What's This About Six Syllable Types?

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One of the core components of Structured Literacy Intervention using the OG methodology is instruction in Syllable Types & Syllabication (Division of Words into Syllables).

Interestingly enough, most of us never learned syllable types in our own path toward reading. So it's a process for sure learning all of these patterns and then coming up with engaging ways to teach them. Fortunately, there are a number of great mnemonics like CLOVER and fun teaching strategies to get these syllable types to stick.

But - a major question remains. Why does it matter? Who cares what syllable type the word is? Isn't the goal just to be able to decode? Why do we need to go through the sometimes painful process of labeling word parts? It seems to be just one more step. Well, a couple of things.

1. Knowing the syllable type can help predict vowel sounds.

Vowel sounds are often the most difficult part of the English language. Especially American English in which we have become quite lazy in our vowel production making it harder than ever to fully grasp the sound-symbol correlation.

2. Knowing the syllable type and appropriate division pattern can break long words into more manageable pieces.

Words like antidisestablishment can cause a great deal of panic for our dyslexic readers. But in reality, if we break this word into syllables we can be left with an-ti-dis-es-tab-lish-ment which are all open or closed syllables that are quite easily decodable for students at that level.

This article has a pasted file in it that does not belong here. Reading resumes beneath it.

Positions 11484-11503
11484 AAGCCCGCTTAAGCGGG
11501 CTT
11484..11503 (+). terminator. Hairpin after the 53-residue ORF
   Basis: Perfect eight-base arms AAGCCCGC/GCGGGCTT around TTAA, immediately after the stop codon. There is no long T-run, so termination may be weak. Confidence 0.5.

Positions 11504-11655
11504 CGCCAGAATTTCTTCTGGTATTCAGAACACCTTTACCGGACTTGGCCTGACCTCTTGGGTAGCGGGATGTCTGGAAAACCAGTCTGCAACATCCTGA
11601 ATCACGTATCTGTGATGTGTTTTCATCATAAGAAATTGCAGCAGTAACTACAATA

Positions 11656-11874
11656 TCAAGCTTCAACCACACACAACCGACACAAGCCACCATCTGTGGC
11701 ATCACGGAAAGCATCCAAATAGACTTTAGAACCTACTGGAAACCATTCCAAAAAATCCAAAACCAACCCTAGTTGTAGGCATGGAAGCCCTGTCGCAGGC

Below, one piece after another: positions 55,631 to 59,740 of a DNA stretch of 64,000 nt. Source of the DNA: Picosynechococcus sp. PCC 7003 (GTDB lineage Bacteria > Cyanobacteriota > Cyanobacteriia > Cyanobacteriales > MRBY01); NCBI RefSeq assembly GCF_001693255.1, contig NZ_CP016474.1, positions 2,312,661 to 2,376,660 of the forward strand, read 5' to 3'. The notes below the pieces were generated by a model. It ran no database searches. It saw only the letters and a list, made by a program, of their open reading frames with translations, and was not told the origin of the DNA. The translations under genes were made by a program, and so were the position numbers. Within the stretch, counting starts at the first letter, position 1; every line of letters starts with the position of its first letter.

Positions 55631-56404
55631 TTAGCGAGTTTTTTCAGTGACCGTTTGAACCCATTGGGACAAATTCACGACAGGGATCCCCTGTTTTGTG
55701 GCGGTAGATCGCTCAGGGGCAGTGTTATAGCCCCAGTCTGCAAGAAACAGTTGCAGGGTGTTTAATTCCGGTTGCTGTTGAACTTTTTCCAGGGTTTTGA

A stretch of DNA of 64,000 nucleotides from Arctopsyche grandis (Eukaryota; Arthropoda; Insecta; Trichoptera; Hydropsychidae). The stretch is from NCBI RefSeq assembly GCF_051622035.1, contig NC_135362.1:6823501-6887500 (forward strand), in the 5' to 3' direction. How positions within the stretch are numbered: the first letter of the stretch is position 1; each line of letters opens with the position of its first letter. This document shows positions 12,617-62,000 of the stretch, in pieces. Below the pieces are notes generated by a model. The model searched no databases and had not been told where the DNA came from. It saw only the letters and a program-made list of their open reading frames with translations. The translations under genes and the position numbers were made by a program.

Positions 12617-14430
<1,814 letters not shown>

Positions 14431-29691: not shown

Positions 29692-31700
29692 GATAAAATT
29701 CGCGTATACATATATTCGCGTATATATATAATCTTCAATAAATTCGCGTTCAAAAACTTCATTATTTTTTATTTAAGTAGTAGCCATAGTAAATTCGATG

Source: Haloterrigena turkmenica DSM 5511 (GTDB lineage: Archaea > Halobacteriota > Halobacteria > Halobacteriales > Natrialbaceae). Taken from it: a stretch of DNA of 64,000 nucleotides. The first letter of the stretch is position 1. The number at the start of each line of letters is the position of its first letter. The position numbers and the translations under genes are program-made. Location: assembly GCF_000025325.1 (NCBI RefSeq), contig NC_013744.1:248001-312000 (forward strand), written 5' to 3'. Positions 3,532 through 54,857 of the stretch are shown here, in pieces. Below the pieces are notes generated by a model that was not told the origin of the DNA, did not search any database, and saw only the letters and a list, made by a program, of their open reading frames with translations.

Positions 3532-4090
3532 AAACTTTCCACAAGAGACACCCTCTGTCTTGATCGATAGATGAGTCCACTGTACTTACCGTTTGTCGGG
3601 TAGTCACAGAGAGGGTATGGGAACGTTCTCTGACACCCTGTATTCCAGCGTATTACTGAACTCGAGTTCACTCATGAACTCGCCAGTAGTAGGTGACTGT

So... What are the six syllable types?

1. Closed Syllables

This is a syllable containing one vowel that is closed in by a consonant and the vowel sound is short. (Examples: cat, ship, rest, thick, in)

2. Open Syllables

This is a syllable containing one vowel that is left open at the end and the vowel sound is long. Examples: hi, be, she, go, shy

3. Vowel-Consonant-E (Magic E or Silent E)

This is a syllable with a vowel immediately followed by one consonant and then an E. The E is silent but makes the preceding vowel long. Examples: bike, fate, share

4. R-Controlled

This is a syllable with an R immediately following a vowel. The vowel sound becomes distorted and is neither long or short. Examples: car, horn, shirt, bird, turn

5. Vowel Teams (Digraphs & Diphthongs)

This is a syllable with two vowels (generally - sometimes the W likes to sneak in here) that work together to make one sound (digraphs) or one sliding sound (diphthongs). Examples: team, boy, sheet, train

6. Consonant-LE

This is a syllable with a consonant, followed by an L, followed by an E. The E is silent. This is always a final syllable in a multi-syllabic word. Examples: apple, Skittle, shuffle, purple.

Teaching these syllable types and their division patterns empowers students to feel more confident than simply guessing all possible vowel sounds within a word. And it's a skill many of their peers may not have and so it gives them a deeper understanding into the "why" of our language. There are many fun ways to engage students in the learning of syllable types. One activity we LOVE is helping students differentiate between open and closed syllables.

Click the image below for a PDF of the lesson activity!

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